Other References
New Clues on Medium, as a Listicle, and translated into Italian, Italian, German & Catalan.

Father's Day in Thailand

Today, 5 December 2014, is the 87th birthday of the King of Thailand, HM Bhumibol Adulyadej, the longest reigning monarch in the world. His birthday is celebrated as Father's Day in Thailand. I spent a good part of the morning reading tweets about the King and retweeting many of the best postings. The Twitter hashtag #WeLoveKingTH was in the top ten of trending hashtags all day long and as I write this, it is in the #1 position, with #2 held by #longlivetheking, #6 held by #Happy Father's Day and #Thailand coming in at #8.
One of the first messages I retweeted summed up really well how the Thai people feel about their king. It said "My king never wear crown I only saw him walking around carrying a camera and map helping his people." There were many variations of this with a huge variety of pictures and videos showing the King meeting with his people all over the country, in their villages, out among them and helping them with whatever they needed.
Another popular theme was to state that the King kept the promise he gave on 5 May 1950, the day of his coronation, when he said, "เราจะครองแผ่นดินโดยธรรมเพื่อประโยชน์สุขแห่งมหาชนชาวสยาม," which has been translated as, "We shall reign with righteousness for the benefit and happiness of the Siamese people." From what I have seen, the feeling among the Thai people is essentially unanimous that he kept this promise. For an American, this is an amazing unanimity to witness, but one that has been very well earned from everything I have learned.
I can't think of any American who made such a sweeping promise and was then recognized as having kept it over a period of more than six decades. We should all aspire to such integrity!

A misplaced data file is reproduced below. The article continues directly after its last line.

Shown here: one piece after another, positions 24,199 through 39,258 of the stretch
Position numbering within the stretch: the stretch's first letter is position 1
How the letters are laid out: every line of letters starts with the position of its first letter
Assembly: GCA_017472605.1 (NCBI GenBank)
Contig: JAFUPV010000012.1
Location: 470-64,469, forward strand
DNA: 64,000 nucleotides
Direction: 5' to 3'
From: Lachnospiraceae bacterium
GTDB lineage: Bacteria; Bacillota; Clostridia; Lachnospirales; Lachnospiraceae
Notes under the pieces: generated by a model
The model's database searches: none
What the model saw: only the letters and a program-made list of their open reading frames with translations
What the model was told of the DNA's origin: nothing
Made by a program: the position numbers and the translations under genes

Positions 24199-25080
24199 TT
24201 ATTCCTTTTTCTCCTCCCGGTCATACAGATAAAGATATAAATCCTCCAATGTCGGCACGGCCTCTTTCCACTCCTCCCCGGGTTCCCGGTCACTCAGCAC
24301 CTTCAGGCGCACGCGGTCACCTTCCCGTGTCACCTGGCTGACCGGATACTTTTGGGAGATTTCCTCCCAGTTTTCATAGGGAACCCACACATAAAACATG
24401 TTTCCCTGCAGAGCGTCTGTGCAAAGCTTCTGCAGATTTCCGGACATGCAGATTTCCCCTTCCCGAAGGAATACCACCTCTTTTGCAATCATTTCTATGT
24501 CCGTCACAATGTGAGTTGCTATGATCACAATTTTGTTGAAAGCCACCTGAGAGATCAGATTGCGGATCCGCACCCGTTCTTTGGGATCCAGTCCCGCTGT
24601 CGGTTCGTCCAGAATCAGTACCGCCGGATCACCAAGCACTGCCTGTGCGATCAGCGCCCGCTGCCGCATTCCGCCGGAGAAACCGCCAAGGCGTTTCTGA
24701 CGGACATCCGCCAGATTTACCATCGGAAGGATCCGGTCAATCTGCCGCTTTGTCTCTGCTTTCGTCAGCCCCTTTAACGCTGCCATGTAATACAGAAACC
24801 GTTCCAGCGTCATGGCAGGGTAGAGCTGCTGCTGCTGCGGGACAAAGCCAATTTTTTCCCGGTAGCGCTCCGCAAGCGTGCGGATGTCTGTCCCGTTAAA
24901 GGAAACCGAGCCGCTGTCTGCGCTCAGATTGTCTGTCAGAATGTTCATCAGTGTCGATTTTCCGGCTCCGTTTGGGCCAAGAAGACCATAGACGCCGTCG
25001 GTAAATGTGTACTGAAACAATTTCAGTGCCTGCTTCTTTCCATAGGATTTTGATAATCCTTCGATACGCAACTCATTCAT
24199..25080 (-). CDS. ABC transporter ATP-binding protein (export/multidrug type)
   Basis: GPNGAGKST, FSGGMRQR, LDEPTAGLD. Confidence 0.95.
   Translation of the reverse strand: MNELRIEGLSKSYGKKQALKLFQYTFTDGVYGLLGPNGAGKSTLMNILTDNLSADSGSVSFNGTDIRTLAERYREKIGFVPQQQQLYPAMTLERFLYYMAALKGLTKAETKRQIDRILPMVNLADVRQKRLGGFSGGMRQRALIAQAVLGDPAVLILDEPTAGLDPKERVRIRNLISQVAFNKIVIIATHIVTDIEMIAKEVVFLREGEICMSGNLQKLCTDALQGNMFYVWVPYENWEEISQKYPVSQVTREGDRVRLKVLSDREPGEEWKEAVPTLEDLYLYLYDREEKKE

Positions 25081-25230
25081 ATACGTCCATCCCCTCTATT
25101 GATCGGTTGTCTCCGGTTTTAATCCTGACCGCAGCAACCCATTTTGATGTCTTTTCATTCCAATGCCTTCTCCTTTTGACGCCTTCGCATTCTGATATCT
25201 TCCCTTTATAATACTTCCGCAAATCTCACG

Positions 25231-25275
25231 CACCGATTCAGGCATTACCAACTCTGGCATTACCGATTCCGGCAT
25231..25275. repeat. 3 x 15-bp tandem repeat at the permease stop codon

[ Image of the King is from this Tweet. ]


Learn Morse Code

Would you like to learn Morse Code, or improve your grasp of the language? There are many approaches and lots of good software programs for learning CW. The method I've used the most in the last decade is the code course produced by Chuck Adams, K7QO. There should be a Wikipedia page about this guy, but there isn't. I learned about him in the 1990's when I was very active in the QRP community, attending the monthly meetings of the Norcal QRP Club and QRP forums at Pacificon and elsewhere. Chuck is a member of the QRP Hall of Fame (since 1998) and a legendary high speed CW guy.
Some years ago I got his code course from him on CD and really liked it. Yesterday I happened to come across mention of it again and I got inspired to get it again. Now he offers it as a free download on the Internet, which is how I got it this time, here in Thailand. My CD of the course is back at home in Silicon Valley. Well now I have it in my Google Drive account. I can run it from there with my Chromebook or my Android phone with a wifi connection. Or I could easily download parts of the course directly to either device and run them without any need of an Internet connection.